When Jay Leno signs off from “The Tonight Show” Thursday, the comedian will be without a regular TV gig for the first time since he took over for Johnny Carson as “Tonight” host back in 1992. Leno said in several recent interviews that he’s had “all kinds of offers” for post-“Tonight Show” TV work, but adds that he isn’t interested in another late-night gig.
Of course, in Hollywood and television, everything can change. But no matter what, the late-night landscape has changed significantly since 2009, when Leno almost bolted for ABC, which in turn lead to NBC’s creation of “The Jay Leno Show” to keep him from leaving. ABC now has Jimmy Kimmel at 11:30, leaving FOX as the only broadcaster without a late-night show. However, many FOX affiliates have hefty syndication commitments at 11 pm, and if they couldn’t/wouldn’t free them up to make a deal with O’Brien four years ago after his “Tonight” exit, don’t look for them to do it for the older-skewing Leno.
But a notorious workaholic like Leno — who squeezed in 100 stand-up gigs last year in addition to his regular “Tonight Show” hosting duties — won’t simply be putting his feet up in retirement.
Here are seven likely landing spots for him in the coming months:
NBC Entertainment President Robert Greenblatt said at last month’s Television Critics Association winter press tour that he is “very much hoping” he can convince the loyal company man to stick around at the network. Since another “Jay Leno Show” isn’t an option, NBC would more likely offer him a Bob Hope-like deal, where Leno could host variety specials throughout the year. While loyalty has won Leno over before, it’s hard to see him agreeing to such a limited role, especially one that potentially could expose him to yet another host controversy if ratings for “Tonight” falter with Jimmy Fallon at the helm.
The number one basic cable network for the past eight years is making its first real push into comedy this season (it began airing “Modern Family” in syndication last fall, and launches its first original comedy series, “Sirens,” on March 6). What better way to establish its comedy bona fides than land the number one guy in late night? Leno’s audience is a great fit with those of USA’s syndication stalwarts “NCIS” and especially “Law & Order: SVU,” whose audience is accustomed to sticking around for Leno after that show’s conclusion. Better yet, he’d remain in the NBC Universal family, so NBC could still tap him for the occasional primetime special as detailed above, which would give him the best of both worlds. And if Leno is wary of competing against “Tonight,” he could always agree to a half-hour format that starts at 11 and ends before Fallon, Kimmel and David Letterman face off.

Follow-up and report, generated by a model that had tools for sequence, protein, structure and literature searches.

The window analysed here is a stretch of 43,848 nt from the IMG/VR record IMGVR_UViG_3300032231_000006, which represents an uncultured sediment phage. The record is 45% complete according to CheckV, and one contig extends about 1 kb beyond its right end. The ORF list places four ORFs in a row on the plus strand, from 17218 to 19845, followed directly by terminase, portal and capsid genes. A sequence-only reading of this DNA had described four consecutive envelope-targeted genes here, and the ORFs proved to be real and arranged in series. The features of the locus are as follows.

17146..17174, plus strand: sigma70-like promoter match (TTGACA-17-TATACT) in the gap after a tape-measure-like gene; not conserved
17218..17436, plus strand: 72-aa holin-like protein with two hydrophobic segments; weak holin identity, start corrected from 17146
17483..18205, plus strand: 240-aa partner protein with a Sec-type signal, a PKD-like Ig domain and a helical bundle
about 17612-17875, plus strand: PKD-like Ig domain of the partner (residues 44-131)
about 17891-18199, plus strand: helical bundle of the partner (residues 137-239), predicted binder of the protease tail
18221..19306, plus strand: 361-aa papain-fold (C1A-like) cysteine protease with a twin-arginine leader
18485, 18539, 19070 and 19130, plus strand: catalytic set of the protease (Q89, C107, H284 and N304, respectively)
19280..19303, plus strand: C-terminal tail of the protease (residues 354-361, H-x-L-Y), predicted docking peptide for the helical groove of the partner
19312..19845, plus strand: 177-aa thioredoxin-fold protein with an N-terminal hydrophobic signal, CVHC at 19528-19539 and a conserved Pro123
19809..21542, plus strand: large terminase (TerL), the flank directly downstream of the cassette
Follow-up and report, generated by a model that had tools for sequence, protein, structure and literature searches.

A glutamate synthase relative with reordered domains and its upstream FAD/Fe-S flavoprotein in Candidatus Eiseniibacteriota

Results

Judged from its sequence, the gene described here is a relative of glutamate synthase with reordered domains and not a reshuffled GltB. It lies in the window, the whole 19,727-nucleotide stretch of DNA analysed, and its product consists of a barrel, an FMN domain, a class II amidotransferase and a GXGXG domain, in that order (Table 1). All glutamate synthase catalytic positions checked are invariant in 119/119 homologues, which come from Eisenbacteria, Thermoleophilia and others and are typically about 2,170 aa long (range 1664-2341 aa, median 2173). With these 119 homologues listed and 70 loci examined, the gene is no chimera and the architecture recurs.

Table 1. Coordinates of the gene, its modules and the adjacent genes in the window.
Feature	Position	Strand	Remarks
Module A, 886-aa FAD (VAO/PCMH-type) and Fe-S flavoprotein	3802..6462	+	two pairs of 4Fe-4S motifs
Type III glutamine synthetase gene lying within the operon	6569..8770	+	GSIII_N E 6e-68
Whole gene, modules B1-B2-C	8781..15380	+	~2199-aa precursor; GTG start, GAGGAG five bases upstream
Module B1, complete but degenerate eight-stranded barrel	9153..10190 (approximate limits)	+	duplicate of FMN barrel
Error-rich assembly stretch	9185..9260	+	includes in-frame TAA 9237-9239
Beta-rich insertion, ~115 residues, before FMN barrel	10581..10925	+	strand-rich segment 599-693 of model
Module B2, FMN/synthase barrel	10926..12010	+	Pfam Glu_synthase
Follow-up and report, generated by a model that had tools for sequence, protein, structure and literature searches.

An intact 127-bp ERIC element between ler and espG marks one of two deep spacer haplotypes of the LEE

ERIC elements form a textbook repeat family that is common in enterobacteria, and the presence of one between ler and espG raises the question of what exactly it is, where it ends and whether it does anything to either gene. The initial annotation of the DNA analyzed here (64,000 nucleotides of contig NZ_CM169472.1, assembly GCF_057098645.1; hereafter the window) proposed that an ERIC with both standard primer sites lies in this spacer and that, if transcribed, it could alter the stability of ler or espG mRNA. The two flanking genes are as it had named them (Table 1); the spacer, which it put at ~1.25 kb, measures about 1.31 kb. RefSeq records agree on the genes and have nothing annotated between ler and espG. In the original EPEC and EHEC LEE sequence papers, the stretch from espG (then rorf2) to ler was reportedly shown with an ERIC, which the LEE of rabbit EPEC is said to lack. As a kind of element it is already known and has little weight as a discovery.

Leno’s former NBC boss, Jeff Zucker, now runs CNN Worldwide, and said last month that it’s “not in the cards anytime soon” to give Leno a late-night show at CNN. But he also admitted that CNN’s primetime lineup could use some upgrading. So how about having Leno replace Piers Morgan for a nightly show that relies heavily on interviews, with some comedy components sprinkled in? Leno, who told The Hollywood Reporter that politicians were always his favorite “Tonight Show” interview subjects “because it’s real. They’re not playing a role,” would seem to welcome such a gig.
The top cable news network had once tried to mount a more conservative version of “The Daily Show,” and perhaps they could woo Leno (who has called himself “conservative fiscally” and “probably liberal socially”) for a show that would allow him to joke about the day’s events while interviewing a notable politician (a favorite of his, see above). As was the case with USA, this also seems to be an ideal fit for Leno’s “Tonight Show” audience.
Leno has pointed to the generational disconnect between him and Fallon as one reason for his being ready to step down from “Tonight,” so perhaps the perfect home for him is TV Land, which celebrates retro television on a nightly basis. He could pull together either a late-night or primetime variety show for an audience that would be primed for his brand of humor.
In recent interviews, car buff Leno has made a point of talking up how much he loves doing “Jay Leno’s Garage,” his weekly webcast devoted to his massive car collection. If he wants to pursue something completely different from “The Tonight Show,” a car-centric show would be perfect for him. Leno himself mentioned working for History — home of “Top Gear” —as a job that “would be fun to do” during his 60 Minutes interview; in turn, a network spokesperson told The Hollywood Reporter that “we think he would really be complementary to our audience.”
But if Leno wants to make the biggest splash possible by bringing Jay Leno’s Garage to TV, then he really should consider Discovery, which is even a better fit for him than History. Discovery Communications also offers several networks that would be ideal outlets for his various interests and talents. He could adapt Jay Leno’s Garage for Discovery, race cars on Velocity, interview celebs on OWN and turn his “Jaywalking” Tonight segments into a TLC series (come to think of it, more than a couple TLC series seem to have been inspired by “Jaywalking”). Out of all the options listed here, Discovery would give him the best opportunity to try something completely different while also staying in touch with his roots.